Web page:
Warning! These 1950s Movie Gimmicks Will Shock You
By Hunter Oatman-Stanford
Welcome to summer movie hell—another blockbuster season filled with costly digital effects that disappoint more often than they surprise. During a University of Southern California film symposium in June, two directors guilty of creating this trend, George Lucas and Steven Spielberg, predicted the imminent collapse of their mega-budget film industry. In its place, they suggested a future of immersive technologies, where theaters would offer thrills you couldn’t get via Netflix.
In fact, Hollywood tried this more than 50 years ago, when filmmakers like William Castle pushed the boundaries of the movie-going experience to make it more interactive. Equal parts technical innovation and publicity stunt, the gimmick craze of the 1950s put special effects in your face and under your seat, literally: Some audiences got a whiff of the action in scented screenings, while others were jolted out of their seats by electric buzzers.
Richard Peterson, who’s the director of programming for the Smith Rafael Film Center, says that features we take for granted today, like surround sound and widescreen projection, were initially seen as novelties. Even color was originally a gimmick. “In the 1920s,” explains Peterson, “before they had full Technicolor, they had what’s called two-color Technicolor, and films like The Phantom of the Opera had these two-color sequences.”
First released as a silent film in 1925, The Phantom of the Opera included black-and-white footage that was tinted various shades to influence the mood, such as blue for night shots or yellow for bright exterior scenes, a fairly common technique for silent films. However, a few select sequences were also filmed with Technicolor’s new Process 2 film, which utilized both red and green tones for an eerie, desaturated version of the full color spectrum. Full-color films began appearing in the 1930s, culminating in the ultimate Technicolor trick, the sepia-to-color opening for The Wizard of Oz in 1939.
After the Great Depression hit, the slump in theater attendance inspired the film industry to fill seats through marketing gimmicks like price cuts or prize giveaways. No longer could directors rely only on the strength of a film’s plot or celebrity stars; instead they learned to build hype that would spread through word of mouth. But this was only the beginning.
Following World War II, the film industry was dealt two major blows that compelled filmmakers to explore new forms of gimmickry: the rise of home television sets and a court decision dismantling studio monopolies. With the Hollywood antitrust case of 1948, the Supreme Court ruled against Paramount Pictures, forcing studios to divide their production, exhibition, and distribution streams. As a result, all the major studios, including MGM, RKO, 20th Century Fox, and Warner Bros., had to sell their national theater chains and slow production efforts to focus on releases with a legitimate chance of box-office success.
Film buff and ephemera collector John Cozzoli, who runs the blog Zombo’s Closet, explains that the Paramount-case decrees helped level the playing field, giving the five biggest studios some competition. “The shortage of movies from the major studios led to a surge of independent production companies taking up the slack,” says Cozzoli, “and the use of even wilder gimmick campaigns to bring people back to the theater experience.”
For decades, studios had produced marketing packets, known as pressbooks, which were distributed to theaters to help advertise each film, with the ultimate aim of growing box office receipts. But in the 1950s, industry executives became nervous enough to try a bunch of wacky new publicity methods and in-theater gimmicks to help fill seats. Elaborate pressbook sections on showmanship, or “exploitation” as it was commonly known, helped theaters plug their films to the local media and potential audiences. “Pressbooks provided ideas like holding a local contest, or maybe doing an impromptu parade down Main Street with people dressed in monster masks, holding up a sign heralding a double-feature of terror not to be missed,” says Cozzoli.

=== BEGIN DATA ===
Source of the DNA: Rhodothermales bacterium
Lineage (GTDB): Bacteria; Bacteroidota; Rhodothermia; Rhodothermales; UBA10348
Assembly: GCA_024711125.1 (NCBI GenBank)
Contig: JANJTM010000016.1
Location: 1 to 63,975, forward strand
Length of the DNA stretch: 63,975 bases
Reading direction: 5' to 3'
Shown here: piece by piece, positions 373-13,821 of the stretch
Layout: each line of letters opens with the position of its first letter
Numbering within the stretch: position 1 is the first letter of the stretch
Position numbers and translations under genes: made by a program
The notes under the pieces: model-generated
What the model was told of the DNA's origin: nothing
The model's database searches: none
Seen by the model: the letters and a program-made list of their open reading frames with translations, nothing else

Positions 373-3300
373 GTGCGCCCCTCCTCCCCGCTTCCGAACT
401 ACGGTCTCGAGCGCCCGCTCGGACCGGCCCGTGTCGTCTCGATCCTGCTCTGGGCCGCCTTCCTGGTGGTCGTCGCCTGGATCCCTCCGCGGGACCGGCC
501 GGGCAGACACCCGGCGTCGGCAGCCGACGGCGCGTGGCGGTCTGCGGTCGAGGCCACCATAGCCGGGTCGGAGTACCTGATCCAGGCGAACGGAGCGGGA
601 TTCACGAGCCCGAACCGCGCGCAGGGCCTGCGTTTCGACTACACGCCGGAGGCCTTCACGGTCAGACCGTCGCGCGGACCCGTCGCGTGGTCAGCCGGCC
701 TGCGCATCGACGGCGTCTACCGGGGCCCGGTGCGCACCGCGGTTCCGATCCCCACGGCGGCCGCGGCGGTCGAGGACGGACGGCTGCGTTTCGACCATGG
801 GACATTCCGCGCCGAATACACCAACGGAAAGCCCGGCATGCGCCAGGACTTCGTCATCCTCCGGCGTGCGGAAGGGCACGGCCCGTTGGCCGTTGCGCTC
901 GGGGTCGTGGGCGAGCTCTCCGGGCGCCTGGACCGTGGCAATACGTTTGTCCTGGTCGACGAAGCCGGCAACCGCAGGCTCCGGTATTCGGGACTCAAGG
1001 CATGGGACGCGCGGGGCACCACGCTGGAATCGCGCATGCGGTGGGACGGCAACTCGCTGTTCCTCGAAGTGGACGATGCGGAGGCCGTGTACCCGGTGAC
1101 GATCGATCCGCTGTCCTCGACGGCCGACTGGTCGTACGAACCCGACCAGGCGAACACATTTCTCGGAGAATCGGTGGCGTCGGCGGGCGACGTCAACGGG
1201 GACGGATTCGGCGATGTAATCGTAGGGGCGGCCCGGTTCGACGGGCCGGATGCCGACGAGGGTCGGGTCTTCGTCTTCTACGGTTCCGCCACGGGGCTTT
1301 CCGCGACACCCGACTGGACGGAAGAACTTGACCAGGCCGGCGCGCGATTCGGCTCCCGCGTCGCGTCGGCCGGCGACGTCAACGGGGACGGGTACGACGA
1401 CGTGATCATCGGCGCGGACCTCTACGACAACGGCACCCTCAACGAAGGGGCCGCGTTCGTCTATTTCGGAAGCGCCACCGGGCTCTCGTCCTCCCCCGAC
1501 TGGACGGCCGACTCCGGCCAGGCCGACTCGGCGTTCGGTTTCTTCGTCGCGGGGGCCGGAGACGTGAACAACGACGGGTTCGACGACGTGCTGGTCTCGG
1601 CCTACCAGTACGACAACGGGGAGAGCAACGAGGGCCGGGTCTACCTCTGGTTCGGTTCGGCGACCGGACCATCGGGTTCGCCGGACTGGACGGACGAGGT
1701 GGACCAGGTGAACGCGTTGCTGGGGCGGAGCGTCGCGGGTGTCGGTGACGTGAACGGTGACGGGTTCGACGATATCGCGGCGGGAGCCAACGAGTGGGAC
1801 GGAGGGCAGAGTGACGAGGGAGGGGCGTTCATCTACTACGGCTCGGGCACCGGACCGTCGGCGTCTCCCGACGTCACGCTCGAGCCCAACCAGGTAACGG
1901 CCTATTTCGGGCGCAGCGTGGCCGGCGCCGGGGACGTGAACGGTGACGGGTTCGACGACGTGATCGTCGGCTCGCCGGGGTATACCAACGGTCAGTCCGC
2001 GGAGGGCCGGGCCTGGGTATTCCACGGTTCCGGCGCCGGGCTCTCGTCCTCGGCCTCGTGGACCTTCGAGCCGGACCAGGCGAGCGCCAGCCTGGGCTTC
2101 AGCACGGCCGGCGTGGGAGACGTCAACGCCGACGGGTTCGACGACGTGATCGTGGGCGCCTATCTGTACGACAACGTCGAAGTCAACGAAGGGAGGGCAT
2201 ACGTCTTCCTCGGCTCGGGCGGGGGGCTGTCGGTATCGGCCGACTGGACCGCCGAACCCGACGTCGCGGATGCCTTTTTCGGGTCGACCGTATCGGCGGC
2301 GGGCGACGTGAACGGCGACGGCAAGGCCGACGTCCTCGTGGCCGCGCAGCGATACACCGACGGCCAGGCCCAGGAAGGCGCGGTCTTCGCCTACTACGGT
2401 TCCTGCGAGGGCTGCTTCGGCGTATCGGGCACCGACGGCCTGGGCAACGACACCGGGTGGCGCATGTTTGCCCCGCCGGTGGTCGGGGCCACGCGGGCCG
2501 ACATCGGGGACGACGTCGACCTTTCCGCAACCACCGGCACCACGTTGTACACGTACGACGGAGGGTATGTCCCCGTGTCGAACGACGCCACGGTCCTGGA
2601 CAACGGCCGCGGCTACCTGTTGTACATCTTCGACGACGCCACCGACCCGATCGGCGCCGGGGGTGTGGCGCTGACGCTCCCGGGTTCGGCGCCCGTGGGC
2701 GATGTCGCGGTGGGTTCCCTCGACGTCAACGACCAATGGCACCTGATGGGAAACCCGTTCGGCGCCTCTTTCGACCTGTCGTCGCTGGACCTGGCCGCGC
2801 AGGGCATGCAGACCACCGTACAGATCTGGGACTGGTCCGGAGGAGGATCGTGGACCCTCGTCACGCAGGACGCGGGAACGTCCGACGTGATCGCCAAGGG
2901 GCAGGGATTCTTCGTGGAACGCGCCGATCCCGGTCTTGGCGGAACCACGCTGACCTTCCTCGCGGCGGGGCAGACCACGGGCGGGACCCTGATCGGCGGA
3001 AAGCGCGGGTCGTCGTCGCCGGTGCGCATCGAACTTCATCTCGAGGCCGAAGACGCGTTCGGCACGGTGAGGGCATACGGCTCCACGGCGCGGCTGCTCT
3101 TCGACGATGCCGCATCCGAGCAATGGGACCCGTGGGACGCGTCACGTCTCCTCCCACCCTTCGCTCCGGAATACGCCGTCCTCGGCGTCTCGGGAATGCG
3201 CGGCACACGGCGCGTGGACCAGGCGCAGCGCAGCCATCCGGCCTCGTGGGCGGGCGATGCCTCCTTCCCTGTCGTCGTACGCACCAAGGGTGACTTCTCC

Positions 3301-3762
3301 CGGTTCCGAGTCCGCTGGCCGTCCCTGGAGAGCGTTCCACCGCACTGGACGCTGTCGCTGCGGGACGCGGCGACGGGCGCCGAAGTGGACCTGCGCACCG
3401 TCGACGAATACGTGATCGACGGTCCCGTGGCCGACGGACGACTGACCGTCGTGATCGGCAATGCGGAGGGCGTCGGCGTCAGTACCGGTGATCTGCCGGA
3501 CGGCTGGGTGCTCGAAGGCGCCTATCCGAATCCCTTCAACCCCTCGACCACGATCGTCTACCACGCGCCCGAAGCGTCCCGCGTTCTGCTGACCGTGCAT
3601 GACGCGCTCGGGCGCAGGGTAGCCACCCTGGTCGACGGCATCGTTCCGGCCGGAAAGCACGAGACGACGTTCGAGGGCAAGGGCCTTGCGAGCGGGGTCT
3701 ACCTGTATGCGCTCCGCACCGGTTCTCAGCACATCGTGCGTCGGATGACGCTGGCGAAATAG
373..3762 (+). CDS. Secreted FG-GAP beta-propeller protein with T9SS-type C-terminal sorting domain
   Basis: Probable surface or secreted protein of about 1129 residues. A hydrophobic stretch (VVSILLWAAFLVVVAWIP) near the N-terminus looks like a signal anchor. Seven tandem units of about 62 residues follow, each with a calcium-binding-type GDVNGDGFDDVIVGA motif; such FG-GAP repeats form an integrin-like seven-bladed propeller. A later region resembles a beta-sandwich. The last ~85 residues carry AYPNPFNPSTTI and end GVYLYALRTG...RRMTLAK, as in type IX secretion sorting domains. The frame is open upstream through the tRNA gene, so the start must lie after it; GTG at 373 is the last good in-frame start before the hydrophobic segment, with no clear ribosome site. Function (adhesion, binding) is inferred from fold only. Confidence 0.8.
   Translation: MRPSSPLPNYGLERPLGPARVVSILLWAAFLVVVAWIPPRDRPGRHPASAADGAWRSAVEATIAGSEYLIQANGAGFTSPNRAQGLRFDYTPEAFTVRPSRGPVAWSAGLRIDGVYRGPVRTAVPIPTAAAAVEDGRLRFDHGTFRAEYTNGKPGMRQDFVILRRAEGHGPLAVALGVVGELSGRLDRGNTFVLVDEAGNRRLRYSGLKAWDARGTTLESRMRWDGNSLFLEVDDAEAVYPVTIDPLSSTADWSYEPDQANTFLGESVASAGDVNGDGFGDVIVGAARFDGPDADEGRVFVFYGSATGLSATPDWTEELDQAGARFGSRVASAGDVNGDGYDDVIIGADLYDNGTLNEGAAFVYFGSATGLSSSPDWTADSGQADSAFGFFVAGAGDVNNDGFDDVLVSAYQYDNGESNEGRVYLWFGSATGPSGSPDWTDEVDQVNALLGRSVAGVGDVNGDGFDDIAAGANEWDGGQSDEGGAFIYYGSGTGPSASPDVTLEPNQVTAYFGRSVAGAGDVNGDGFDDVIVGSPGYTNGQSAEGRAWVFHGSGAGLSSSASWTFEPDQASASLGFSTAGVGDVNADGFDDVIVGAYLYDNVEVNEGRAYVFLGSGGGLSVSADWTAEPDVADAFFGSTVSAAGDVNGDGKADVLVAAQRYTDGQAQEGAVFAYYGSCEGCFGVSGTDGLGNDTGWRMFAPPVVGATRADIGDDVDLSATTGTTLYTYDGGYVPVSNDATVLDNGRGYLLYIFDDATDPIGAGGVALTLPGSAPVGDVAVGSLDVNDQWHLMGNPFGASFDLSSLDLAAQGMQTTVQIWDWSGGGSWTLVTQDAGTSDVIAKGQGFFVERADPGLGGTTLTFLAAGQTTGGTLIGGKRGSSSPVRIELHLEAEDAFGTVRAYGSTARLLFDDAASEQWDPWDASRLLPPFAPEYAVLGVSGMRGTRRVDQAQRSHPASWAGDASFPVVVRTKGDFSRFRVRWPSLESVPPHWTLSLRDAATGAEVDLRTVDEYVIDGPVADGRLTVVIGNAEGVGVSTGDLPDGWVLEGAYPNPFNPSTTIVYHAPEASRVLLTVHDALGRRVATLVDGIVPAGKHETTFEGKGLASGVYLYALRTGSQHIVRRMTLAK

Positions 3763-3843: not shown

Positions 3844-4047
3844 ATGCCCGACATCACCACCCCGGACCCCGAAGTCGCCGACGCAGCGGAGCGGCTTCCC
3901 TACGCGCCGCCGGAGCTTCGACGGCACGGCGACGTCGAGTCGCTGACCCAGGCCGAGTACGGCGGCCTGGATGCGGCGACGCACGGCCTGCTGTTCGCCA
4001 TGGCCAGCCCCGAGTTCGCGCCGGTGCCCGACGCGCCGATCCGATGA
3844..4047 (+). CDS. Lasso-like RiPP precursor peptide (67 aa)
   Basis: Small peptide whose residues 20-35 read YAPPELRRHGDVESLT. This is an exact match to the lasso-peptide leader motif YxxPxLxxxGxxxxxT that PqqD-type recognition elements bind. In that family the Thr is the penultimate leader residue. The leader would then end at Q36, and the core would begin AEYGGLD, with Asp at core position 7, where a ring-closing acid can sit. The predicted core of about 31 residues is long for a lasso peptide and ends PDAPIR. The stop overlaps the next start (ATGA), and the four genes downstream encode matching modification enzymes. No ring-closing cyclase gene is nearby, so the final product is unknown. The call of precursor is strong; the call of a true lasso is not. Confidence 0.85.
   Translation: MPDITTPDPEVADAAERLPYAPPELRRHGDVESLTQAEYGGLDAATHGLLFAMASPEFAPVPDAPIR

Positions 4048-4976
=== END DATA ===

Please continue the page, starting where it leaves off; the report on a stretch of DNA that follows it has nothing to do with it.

Such campy tactics worked particularly well for horror and science fiction films, where audiences sought to be thrilled in whatever way possible. Pressbooks included all sorts of homespun suggestions, like placing handmade dioramas in the lobby or giving coloring-book sheets to kids, even for adult-themed films. “The coloring page for The Giant Claw shows the monster from the neck down—no head,” says Cozzoli. “Given how goofy the head looks in the movie, I could see why they didn’t want to tip off anyone ahead of time.”
Some of these selling points revolved around new technology, like a wave of three-dimensional films. Though experimentation with 3D started with low-tech short films in the 1890s, a modern version of the process was inaugurated with the 1952 film Bwana Devil, the first full-color stereoscopic feature. The 1953 hit House of Wax starring Vincent Price added stereo sound to the mix, becoming the first 3D film to make the year’s top-10 list, and cementing Price as horror’s leading man.
Most 3D films of the ’50s didn’t use the clunky red-and-blue filter process we think of today; instead they relied on a double projector system with two separate rolls of film (one for the right eye and one for the left), which was improved with inventions like Edwin Land’s Polaroid filters. However, since the two prints had to be perfectly synced for a clean projection, this often resulted in alignment issues that induced headaches, particularly for audience members not sitting in the center of an auditorium.
Peterson believes the desire to contrast the theater experience with television inspired this drive toward new technologies. “Look at developments like Cinerama, the three-screen panoramic projection that started in 1952, which was very quickly followed by Cinemascope, a cheaper way to do wide screen movies,” suggests Peterson. “Cinerama and Cinemascope were parts of this effort to get people out of the house, to go see a movie, because they were bigger and better than ever.”